A riot is a type of civil unrest or disorder typically associated with large groups of people. Riots can be as a result of sporting activities, political activities, poor working conditions, government oppression, harsh living conditions, and conflict between religious or racial groups. Riots commonly involve destruction and vandalism of property, whether it be public or private. Properties that are targeted by the rioters vary widely depending on the inclinations of the riot, but they could include shops, restaurants, religious buildings, and state-owned buildings. Throughout history there have been riots that can be categorized as major on account of the scale of the riots, the value of property destroyed, numbers of casualties or the duration.
Largest Riots of the 21st Century
2002 Gujarat Riots
The 2002 Gujarat riots was an inter-communal violence that took place over three days in the western part of the Indian state of Gujarat, claiming the lives of 2,000 people. The riots have been referred to as a "pogrom", a word that is used to describe an intentional massacre of a singular ethnic group. In February 2002, a fire ripped through a train in Godhra station in Gujarat, burning 59 Hindu pilgrims to death. The minority Muslim population was suspected of the arson, and Hindu mobs rampaged through the city neighborhoods, engaging in the worst violence ever witnessed in the history of India since independence in1947. The cause of the fire at the train station remains disputed by the two religious communities. Over the years that followed, more than 100 people have been convicted and in 2011, the court found 31 Hindus guilty of killing Muslims who were sheltering in a single house. In 2012, a former minister in the state government was sentenced to life imprisonment.
Riots in Kyrgyzstan
The riots of Kyrgyzstan in 2010 have also been known as the Kyrgyzstan revolution or the second revolution. The riots started in April 2010 and led to the ousting of the Kyrgyzstan president Kurmanbek Bakiyev from power in the capital of Bishkek. The riots were followed by ethnic tension between the Uzbeks and the Kyrgyz communities which escalated in mid-2010. The riots led to the deaths of an estimated t 2,000 people and resulted in the displacement of 40,000 others. At the height of the riots, more than 1,000 protesters marched to the government headquarters and briefly took government workers hostage. The security forces managed to block the protesters and retain their hold on the building, only to be forced out again by the protestors before the head of state was finally ousted.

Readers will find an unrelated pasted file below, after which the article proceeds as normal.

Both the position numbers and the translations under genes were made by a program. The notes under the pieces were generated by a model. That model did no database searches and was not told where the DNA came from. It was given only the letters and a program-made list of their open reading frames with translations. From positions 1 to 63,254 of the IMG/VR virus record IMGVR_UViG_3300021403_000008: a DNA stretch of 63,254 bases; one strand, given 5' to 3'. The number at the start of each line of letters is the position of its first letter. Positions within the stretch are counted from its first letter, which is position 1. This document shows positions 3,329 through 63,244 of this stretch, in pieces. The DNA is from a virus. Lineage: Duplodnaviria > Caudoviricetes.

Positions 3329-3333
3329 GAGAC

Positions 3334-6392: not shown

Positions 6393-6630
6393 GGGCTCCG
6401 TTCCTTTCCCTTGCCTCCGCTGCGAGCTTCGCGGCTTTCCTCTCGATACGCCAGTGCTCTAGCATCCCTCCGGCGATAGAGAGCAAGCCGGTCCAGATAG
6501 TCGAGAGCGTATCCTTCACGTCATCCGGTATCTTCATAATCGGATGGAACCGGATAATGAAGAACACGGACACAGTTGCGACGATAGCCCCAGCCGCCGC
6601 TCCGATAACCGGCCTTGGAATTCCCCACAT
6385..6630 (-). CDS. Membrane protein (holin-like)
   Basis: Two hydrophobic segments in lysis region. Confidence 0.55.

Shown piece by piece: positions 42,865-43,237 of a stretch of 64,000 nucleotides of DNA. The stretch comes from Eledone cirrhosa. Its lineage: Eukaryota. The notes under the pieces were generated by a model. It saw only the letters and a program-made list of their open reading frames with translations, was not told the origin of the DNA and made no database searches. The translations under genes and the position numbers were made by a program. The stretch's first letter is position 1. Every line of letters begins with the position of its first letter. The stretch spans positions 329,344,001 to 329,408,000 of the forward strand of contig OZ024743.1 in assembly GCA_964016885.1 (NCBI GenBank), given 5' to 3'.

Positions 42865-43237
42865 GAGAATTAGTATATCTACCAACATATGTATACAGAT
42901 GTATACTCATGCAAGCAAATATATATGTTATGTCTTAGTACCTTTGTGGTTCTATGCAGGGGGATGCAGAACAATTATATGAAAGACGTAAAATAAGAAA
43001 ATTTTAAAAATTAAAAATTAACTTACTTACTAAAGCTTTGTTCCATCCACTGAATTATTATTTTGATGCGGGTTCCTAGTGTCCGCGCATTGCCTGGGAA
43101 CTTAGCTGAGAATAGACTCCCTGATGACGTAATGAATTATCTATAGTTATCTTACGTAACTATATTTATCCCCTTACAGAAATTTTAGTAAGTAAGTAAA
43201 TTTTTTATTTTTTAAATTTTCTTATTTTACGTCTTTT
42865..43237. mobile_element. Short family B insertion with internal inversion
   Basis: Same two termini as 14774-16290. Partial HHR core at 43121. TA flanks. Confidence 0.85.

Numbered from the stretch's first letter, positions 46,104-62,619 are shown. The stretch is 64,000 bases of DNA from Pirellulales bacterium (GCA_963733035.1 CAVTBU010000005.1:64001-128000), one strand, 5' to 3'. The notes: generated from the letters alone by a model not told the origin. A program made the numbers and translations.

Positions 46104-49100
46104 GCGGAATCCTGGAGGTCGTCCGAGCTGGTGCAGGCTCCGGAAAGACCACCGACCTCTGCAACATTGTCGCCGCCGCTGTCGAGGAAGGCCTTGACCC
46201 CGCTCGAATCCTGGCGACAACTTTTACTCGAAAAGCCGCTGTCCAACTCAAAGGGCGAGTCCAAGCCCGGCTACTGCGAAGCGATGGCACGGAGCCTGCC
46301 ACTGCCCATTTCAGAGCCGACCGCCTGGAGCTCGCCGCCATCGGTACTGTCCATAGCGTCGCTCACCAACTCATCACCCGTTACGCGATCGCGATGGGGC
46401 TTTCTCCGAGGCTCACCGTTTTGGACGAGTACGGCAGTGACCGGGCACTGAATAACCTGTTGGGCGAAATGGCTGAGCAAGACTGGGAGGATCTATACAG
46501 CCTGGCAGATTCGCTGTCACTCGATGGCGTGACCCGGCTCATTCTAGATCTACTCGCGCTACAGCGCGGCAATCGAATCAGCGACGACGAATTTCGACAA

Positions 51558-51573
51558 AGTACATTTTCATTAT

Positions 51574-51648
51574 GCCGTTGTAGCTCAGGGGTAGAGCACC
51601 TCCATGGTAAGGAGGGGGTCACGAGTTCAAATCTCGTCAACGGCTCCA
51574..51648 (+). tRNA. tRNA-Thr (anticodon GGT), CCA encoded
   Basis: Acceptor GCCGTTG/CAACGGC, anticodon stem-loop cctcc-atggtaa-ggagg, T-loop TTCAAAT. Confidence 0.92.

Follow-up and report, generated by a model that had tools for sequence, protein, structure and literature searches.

Riots in Nigeria
The riots in Nigeria in 2010, also known as the 2010 Jos riots, were a clash between the Christian and Muslim communities of Nigeria. Jos is the capital of Plateau state located in the middle of the divide between the predominately-Muslim north and predominately-Christian south in Nigeria. There has longtime been tension between the two communities within Nigeria. From as early as 2001, the region has been experiencing violence motivated by a myriad of factors, amongst them religious and economic ones. The first ignition of violence occured in the January 2010 and spread to the nearby communities resulting in houses, vehicle, mosques, and churches being set ablaze throughout four days of violence. Ultimately, 992 people were and many more fled their homes for fear of further attacks.
Effects of riots
The economic and political effects of riots are as complex as their causes. Usually there are losses of lives, and destruction of property which is usually measurable. The 1992 riots in Los Angeles resulted in the injury of more than 2,383 people, the deaths of 51 people, 8,000 arrests, and more than 700 businesses destroyed by burning. More than $1 billion worth of property was damaged. Similarly, the 2005 French riots that lasted more than three weeks and spreading to more than 300 other towns led to enormous loses. At the end of the riots, more than 10,000 cars were destroyed and more than 300 buildings burned. More than 2,800 suspected rioters were arrested, and over 126 police and fire fighters were also injured, bringing the estimated damage total to more than €200 million.